The leading international sports marketing company Infront Sports & Media, for example, recently launched the Hammer Series cycling event, which will be streamed on Facebook Live and YouTube.

Attracting talent to the industry to drive this explosion of digital innovation is one of the challenges affecting many sports organisations. The skillset needed to execute modern fan engagement strategies – particularly around data – is more advanced than ever before.

GlobalSportsJobs is leading this recruitment drive, as CEO Will Lloyd explains: “The sports industry is becoming more mature and has a big need for digital talent. GlobalSportsJobs is at the heart of trying to attract a greater quality and diversity of talent to ensure this marketplace continues to grow in a meaningful and mature way.”

Finding new ways to hook in and immerse fans into sport content and brands will be a fascinating area in the coming years as technology advances.

Rights holders and sponsors are digging deeper into their sport than ever before to bring fans in-depth, access-all-areas coverage and use it to its maximum potential, engaging fans proactively rather than presenting it to be consumed passively.

OMNIGON, market leaders in consumer loyalty, audience growth and digital content delivery, work with a long list of sports federations and rights holders. Their recent work with the International Ski Federation, for example, allowed fans to vote for best World Championship moments and season highlights and make predictions for the coming season. Built using PollPro – part of their own ProSuite range of engagement tools – these products are responsive and are embedded within the FIS mobile app (which OMNIGON also designed).

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One area ripe for development and creativity amidst the shifting sands of the way fans consume sport is sponsorship, according to data driven sports marketing agency Two Circles.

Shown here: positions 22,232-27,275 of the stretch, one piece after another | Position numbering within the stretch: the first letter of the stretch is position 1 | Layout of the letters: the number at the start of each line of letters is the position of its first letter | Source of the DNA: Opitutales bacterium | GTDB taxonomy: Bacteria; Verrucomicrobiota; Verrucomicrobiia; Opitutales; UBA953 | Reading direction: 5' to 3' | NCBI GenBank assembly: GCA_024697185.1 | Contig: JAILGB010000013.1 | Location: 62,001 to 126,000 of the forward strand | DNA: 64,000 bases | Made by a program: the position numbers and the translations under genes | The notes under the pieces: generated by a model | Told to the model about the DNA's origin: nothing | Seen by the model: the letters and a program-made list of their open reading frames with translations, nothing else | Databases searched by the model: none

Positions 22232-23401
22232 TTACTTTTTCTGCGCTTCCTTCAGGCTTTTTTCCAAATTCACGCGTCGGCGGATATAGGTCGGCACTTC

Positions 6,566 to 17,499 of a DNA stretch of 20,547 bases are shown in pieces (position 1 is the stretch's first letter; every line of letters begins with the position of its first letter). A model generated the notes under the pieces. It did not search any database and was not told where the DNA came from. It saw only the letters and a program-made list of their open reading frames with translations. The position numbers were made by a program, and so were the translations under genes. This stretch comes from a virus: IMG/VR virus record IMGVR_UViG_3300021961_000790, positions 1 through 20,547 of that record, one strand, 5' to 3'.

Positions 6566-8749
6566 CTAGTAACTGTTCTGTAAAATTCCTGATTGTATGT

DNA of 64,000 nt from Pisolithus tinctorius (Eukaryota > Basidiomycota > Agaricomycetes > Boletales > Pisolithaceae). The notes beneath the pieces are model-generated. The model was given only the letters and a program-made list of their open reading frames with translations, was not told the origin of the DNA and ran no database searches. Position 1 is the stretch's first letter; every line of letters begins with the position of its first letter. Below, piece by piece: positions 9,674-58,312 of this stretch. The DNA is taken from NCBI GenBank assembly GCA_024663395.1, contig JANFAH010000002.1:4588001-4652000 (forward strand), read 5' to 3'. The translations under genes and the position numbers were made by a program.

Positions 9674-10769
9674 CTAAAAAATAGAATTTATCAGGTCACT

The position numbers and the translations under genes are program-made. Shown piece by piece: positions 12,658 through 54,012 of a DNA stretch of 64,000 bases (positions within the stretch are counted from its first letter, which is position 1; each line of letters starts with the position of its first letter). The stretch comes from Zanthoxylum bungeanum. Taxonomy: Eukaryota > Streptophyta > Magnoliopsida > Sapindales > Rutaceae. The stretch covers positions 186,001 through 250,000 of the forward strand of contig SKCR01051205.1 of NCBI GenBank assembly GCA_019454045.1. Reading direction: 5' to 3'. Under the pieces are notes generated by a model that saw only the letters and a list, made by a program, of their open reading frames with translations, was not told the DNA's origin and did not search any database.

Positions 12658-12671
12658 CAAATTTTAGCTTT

In a blog by Director of Global Consulting Phil Stephan, he comments: "Whilst brand and consumer behaviour has changed, the sponsorship industry is largely doing as it has always done.

"Brands are getting smarter, recognising that they can leverage the hype around sport events whilst cutting sports rights owners out of the equation and going direct to the audience. If rights owners stand still, brands will move away and it will be increasingly difficult for ‘traditional’ sponsorship to compete in a brand’s marketing mix."

With so many platforms and mechanisms for fan engagement, and new ones emerging all the time, the coming period will be a case of simply "seeing what works," according to SVG Europe (NB they don't appear on the GSJ client list, so no link) - a group that supports Europe's professional community that uses video, audio, and broadband technologies to produce and distribute sports content.

Traditional linear broadcasting is certainly being threatened and its response will be intriguing, but across the digital landscape, with OTT services, virtual reality and the rapid evolution of social media, the possibilities are almost limitless.